Did you know that the word once used to describe witchcraft, sorcery and magic evolved into the word we now use for the place we pick up our medications?
It’s true! You can even find it in the Bible (if you check out the original Greek).
Read on to find the story behind the word: Pharmacy.
Our modern word for pharmacy came from the Greek word, pharmakeia.
It’s pronounced: “Far” + “Ma” + “Kay” + “uh.”
And like many of our words today, it had different meanings depending on the context in which it was used.
We find this word in the Holy Bible, in particular in Galatians 5.
“idolatry, sorcery, enmity, strife, jealousy, fits of anger, rivalries, dissensions, divisions,”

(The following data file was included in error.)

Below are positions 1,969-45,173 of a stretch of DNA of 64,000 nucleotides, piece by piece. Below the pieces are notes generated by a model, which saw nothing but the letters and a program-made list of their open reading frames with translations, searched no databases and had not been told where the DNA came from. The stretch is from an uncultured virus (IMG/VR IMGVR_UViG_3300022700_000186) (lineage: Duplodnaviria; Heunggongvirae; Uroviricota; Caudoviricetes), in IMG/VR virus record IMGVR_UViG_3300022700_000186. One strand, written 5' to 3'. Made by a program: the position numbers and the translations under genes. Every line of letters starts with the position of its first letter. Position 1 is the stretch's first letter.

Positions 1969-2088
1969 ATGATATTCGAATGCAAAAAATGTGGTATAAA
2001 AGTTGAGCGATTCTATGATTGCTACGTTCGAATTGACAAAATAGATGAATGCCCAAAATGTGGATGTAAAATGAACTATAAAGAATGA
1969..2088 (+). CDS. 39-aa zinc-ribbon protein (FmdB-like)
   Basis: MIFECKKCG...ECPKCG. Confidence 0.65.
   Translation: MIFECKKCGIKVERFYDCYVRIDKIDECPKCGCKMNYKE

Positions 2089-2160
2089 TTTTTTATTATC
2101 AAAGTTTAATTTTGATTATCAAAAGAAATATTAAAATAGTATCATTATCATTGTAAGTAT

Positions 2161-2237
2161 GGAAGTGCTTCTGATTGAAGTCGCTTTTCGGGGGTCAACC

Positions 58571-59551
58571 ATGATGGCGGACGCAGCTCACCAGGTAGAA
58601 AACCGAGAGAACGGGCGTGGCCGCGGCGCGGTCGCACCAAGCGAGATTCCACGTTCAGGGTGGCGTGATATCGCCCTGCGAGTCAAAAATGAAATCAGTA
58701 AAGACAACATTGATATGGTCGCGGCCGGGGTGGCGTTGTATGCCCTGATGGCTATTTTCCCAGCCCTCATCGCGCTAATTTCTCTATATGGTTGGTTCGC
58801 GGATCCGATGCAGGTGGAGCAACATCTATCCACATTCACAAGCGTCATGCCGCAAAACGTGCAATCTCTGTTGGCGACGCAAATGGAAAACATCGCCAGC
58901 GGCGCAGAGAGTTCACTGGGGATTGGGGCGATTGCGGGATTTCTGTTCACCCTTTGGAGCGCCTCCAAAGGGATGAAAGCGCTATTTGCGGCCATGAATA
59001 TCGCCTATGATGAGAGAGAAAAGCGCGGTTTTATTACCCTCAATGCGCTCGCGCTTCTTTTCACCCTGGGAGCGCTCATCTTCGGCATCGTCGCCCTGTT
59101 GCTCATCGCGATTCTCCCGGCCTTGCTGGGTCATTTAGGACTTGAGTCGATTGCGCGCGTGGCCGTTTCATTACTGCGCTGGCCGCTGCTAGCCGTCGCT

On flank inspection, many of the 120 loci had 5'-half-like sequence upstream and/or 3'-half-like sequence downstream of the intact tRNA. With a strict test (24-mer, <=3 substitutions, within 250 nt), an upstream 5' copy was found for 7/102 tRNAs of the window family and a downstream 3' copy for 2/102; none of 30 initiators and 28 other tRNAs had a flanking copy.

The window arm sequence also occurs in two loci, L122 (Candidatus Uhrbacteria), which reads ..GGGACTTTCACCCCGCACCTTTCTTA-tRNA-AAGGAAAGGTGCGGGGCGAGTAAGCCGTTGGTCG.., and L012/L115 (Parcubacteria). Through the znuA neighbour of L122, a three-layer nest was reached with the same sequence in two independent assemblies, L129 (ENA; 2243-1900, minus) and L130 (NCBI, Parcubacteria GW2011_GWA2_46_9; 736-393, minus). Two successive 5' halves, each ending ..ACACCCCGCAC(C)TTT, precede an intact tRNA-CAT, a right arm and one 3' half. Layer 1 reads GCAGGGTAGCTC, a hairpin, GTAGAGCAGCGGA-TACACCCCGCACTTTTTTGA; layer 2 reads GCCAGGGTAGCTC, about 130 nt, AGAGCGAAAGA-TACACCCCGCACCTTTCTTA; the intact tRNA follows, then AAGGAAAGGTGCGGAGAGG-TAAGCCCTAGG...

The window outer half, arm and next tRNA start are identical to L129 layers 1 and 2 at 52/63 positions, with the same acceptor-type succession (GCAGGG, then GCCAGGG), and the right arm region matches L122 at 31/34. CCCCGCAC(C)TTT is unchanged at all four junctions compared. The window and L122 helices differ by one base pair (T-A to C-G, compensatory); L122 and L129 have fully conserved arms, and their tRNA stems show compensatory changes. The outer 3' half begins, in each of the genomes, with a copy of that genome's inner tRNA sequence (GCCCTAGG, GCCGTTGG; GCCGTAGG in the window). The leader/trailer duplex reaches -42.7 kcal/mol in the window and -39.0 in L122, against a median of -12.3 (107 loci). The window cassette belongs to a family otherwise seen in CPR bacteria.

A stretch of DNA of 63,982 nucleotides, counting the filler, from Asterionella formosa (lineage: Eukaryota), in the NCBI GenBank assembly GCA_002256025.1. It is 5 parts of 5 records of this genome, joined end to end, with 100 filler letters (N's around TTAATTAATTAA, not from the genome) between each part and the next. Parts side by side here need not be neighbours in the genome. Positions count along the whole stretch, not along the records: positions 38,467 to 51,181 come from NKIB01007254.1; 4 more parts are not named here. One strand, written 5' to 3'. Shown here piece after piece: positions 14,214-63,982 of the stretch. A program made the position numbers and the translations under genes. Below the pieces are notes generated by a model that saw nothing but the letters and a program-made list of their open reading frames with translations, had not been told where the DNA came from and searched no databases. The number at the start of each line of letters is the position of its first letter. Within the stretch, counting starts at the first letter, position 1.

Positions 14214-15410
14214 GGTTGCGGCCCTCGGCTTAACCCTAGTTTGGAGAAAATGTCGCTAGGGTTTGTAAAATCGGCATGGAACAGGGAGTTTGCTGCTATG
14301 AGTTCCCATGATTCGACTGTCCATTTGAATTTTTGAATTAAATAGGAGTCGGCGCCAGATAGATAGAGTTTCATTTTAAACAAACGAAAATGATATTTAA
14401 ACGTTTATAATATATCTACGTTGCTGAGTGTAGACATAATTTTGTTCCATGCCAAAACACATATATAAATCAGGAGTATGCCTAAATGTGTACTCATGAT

– Galatians 5:19 (English standard version)
But in the original Greek text, the word used for sorcery was pharmakeia.
And in Greek, pharmakeia could mean magic, sorcery, witchcraft, enchantment, drugs or medication. As previously mentioned, its meaning depended on its use in context.
When the pharmakeia is used various places in the Bible, it has these meanings:
From Greek, pharmakeia, meaning “practice of the druggist” > which is based on pharmakon, meaning drug > medieval Latin > Old French, farmacie > late middle English, pharmacy.
phar·ma·cy | fär-mə-sē | färməsē